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Business News/ Money / Calculators/  The changing flavour of balanced funds

The changing flavour of balanced funds

U.K. Sinha has said that balanced funds should have a more equitable distribution between equity and debt

A file photo of Sebi chairman U.K. Sinha. Photo: MintPremium
A file photo of Sebi chairman U.K. Sinha. Photo: Mint

At the Confederation of Indian Industries’ Mutual Fund (MF) summit held on Tuesday, the Securities and Exchange Board of India (Sebi) chairman, U.K. Sinha, praised the MF industry on the outperformance (against benchmark) they achieved in the past year. He also urged them to clean up their act in matters such as the appropriate use of investor education funds and moving forward with digital transactions.

Sinha addressed many other issues on the sidelines of the conference. One such issue that Mint asked him about was the difference in the asset allocation pattern of balanced funds looking to get launched versus the pattern for existing funds.

As a category Sebi seems to have taken a tough stand on balanced funds, where approvals are hard to come by. On the whole, concerned over multiple schemes in the Indian MF industry that have much in common, Sebi has been giving fewer approvals to new scheme launches in the past few years.

Some senior fund officials said, on condition of anonymity, that Sebi wants fund houses to launch balanced funds that invest 50-60% in equities and the rest in fixed income. Currently balanced funds typically have 65-80% in equities. Will Sebi extend the same requirement to existing balanced funds that continue to tilt significantly towards equity?

“There appears to be a misconception that Sebi is differentiating between large fund houses on one side, and small- and mid-sized fund houses on the other. There is no such thing. Balanced funds should be balanced and they should, therefore, have a more equitable distribution between equity and debt," said Sinha. He also said “chances of mis-selling are higher", in new fund offers.

JPMorgan India Balanced Advantage Fund (JBA), launched earlier this year, couldn’t be launched as a balanced fund like one of the old generation balanced funds, senior fund industry officials had pointed out to Mint earlier.

It had to change its asset allocation to meet Sebi’s requirements. It now invests 30-60% in equities, 30-60% in fixed income and 5-10% in arbitrage opportunities. In other balanced funds, the minimum equity exposure is 65%; in this scheme, the maximum wouldn’t exceed 60%. Plus, it added the word “Advantage" to its name. Senior fund industry officials said JBA’s application was kept pending for over a year at Sebi till it changed its asset allocation. JPMorgan Asset Management India Co. Ltd officials did not offer any comment.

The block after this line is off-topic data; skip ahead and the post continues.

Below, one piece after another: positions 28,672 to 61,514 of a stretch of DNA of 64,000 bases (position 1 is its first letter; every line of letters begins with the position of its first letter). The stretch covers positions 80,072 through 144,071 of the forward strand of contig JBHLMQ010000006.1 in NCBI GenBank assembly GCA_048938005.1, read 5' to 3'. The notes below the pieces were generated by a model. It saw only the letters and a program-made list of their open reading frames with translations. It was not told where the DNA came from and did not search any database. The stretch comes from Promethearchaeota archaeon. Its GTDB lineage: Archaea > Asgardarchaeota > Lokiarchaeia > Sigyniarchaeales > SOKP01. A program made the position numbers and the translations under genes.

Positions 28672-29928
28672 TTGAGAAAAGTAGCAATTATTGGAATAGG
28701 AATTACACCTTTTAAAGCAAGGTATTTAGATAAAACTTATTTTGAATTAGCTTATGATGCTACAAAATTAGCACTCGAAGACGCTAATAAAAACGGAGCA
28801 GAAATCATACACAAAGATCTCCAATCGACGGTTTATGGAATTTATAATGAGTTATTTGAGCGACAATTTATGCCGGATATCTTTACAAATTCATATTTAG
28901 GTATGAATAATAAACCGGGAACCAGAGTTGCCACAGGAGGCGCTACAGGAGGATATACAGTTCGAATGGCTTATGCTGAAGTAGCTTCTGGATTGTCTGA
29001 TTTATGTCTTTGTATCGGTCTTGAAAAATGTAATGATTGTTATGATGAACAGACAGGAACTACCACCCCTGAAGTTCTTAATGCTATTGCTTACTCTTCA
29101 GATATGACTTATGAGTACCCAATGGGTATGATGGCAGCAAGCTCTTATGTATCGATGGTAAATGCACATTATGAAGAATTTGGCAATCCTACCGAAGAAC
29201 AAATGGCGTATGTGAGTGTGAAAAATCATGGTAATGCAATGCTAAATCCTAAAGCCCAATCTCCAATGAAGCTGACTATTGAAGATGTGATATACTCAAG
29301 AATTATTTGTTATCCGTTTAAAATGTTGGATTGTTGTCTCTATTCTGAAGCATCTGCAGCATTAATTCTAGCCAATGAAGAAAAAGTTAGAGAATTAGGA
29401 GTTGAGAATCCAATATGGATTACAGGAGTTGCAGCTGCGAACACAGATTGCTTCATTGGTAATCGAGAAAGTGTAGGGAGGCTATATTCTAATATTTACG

Though Sinha didn’t comment on whether Sebi would nudge existing balanced funds to reduce their equity exposure to align to its thinking of how balanced funds should behave, he said, “Sebi will nudge existing fund houses to merge their excess schemes and those that overlap." In budget 2015, it was said that if two or more MF schemes merge, then there shall be no incidences of capital gains tax that could possibly arise. Sinha alluded to this rule and said that “within the next year, we should see more scheme mergers across all fund houses, irrespective of their size".

Next week, another scheme Mirae Asset Prudence Fund will be launched. It will invest around 65% in equities, around 8% in mid-cap scrips and 25%-30% in fixed income securities. However, Mirae Asset Global Investments (India) Pvt. Ltd refuses to call it a balanced fund. “This is not a balanced fund. This is an equity-oriented asset allocation fund, which will have a bias towards large-cap stocks", said Gopal Agarwal, chief investment officer, Mirae Asset. In reality, it looks similar to old generation balanced funds, which invest at least 65% in equities, and the rest in debt.

Digital is the way to go

Sebi wants to see a shift towards digitization. Acknowledging that the MF industry is behind the curve on digital or electronic transactions, Sinha said, “For the banking sector, 30% of the transactions are done electronically. This contributes around 3.2% in the total value of transactions; whereas for the MF industry the total value through such transactions is only 1.3%."

He also said that the steep growth in e-commerce is a sign that individuals are willing to transact online and urged the MF industry not to lose this opportunity.

“If we look at the customer experience from mutual funds, only 7% is positive. This shows early signs of weakness in the industry and if this is not addressed, the optimism will be short-lived," he added.

Over the next five years, there will be a decisive shift towards electronic transactions across the financial sector, said Prateek Pant, executive director products and services, RBS Private Banking, India. “The MF industry needs to look outside it’s own segment and try to adopt some successful models which already exist in the digital space."

While most MFs already have online transaction processes in place, the paper route is still preferred by investors. Most fund houses have even enabled trades through mobile phones, though only about 130 crore of transactions have taken place so far.

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Published: 01 Jul 2015, 01:50 PM IST
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